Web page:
As the Consumer Financial Protection Bureau plans to issue new rules on force-placed insurance in the coming year, State Employees’ Credit Union (SECU) announced that less than 1 percent of its mortgages have needed force-placed insurance.
About 0.6 percent of mortgages require force-placed insurance for more than 60 days at the credit union, according to a release.
Mandatory escrow requirements, direct contact with members upon initial coverage cancellation, and the credit union’s ongoing Mortgage Assistance Program are all credited as reasons for why the company has maintained a low percentage. All SECU lending, servicing and collections officers are also salaried.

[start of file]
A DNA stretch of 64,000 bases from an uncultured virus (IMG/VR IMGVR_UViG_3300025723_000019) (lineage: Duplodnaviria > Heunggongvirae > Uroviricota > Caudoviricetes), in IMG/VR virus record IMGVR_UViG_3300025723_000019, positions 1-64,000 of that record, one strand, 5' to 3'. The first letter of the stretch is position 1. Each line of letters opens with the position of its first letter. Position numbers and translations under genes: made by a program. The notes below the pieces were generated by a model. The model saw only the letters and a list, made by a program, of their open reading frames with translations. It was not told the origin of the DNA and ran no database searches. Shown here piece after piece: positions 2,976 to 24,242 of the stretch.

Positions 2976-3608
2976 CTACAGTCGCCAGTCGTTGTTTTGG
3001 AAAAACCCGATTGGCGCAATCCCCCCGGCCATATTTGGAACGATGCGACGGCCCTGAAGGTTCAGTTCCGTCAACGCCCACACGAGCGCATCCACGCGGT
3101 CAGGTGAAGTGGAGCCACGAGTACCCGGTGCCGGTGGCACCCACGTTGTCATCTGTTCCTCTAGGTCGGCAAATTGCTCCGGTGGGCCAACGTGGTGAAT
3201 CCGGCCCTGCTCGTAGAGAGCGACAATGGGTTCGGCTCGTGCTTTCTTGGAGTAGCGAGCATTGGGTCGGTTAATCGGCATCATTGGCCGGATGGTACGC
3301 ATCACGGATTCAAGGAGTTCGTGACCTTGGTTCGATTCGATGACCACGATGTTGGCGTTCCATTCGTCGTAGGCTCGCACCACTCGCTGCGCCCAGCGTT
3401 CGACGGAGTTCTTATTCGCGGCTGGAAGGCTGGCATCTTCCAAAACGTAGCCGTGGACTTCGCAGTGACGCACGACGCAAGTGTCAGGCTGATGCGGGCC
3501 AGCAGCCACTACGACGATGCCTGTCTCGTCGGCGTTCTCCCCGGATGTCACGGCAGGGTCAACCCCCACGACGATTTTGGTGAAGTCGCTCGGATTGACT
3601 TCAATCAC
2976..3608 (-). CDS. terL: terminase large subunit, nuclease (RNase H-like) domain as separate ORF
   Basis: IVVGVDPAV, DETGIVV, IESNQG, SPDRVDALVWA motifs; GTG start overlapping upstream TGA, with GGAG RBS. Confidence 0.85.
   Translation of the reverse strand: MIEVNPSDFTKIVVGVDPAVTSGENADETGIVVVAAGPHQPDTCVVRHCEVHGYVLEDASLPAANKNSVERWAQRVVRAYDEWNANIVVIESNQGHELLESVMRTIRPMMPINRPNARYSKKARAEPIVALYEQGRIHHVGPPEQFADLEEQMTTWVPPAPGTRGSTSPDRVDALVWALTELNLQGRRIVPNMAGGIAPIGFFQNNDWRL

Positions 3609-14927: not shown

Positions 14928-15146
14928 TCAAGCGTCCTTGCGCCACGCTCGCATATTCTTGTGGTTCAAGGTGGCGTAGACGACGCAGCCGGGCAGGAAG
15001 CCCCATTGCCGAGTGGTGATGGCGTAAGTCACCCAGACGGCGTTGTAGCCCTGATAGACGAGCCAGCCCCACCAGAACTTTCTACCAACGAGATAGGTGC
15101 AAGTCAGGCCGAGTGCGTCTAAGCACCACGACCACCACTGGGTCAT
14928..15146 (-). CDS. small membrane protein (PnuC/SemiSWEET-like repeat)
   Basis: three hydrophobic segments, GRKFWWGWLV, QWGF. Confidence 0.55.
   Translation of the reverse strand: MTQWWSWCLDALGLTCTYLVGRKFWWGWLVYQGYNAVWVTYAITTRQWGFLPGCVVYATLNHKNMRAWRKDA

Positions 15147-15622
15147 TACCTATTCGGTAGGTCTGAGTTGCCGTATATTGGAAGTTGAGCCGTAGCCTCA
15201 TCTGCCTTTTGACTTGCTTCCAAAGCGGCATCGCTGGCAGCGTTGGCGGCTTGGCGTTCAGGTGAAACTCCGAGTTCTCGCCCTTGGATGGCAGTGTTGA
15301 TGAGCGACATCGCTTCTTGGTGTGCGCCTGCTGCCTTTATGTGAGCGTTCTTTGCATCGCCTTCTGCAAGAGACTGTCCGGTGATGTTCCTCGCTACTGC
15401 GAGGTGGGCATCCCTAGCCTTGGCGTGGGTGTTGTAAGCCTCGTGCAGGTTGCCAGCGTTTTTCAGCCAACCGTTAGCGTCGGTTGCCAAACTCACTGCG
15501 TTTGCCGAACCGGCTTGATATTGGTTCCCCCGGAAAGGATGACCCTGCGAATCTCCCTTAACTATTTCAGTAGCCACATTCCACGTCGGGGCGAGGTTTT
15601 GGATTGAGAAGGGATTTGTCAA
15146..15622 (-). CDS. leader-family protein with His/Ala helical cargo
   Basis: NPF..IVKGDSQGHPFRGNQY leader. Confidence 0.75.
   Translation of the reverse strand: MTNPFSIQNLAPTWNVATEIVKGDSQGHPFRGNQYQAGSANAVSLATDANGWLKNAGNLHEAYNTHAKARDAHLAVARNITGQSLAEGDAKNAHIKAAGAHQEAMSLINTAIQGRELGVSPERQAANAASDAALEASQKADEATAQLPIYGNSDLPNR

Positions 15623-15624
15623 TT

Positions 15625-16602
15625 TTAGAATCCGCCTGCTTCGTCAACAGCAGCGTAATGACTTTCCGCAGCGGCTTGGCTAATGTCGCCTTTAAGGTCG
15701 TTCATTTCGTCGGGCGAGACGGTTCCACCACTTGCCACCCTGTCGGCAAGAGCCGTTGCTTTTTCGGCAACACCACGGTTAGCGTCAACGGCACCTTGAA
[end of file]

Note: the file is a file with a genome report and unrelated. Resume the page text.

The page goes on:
“SECU has always been proactive in reaching out to members when any insurance cancellation occurs. The ultimate goal for us as a financial cooperative is to avoid any lender-placed insurance and help members budget for the annual cost of homeowners insurance through a required escrow account,” said Mark Coburn, SECU’s SVP of loan servicing.
According to the release, a review of recent force-placed claims revealed that on average, SECU members’ insurance cost is generally $.435 per $100, compared with a force-placed premium of $.85 per $100.
The North Carolina-based nonprofit is a financial cooperative owned by its members and a servicer for more than 125,000 mortgages with balances in excess of $12 billion.
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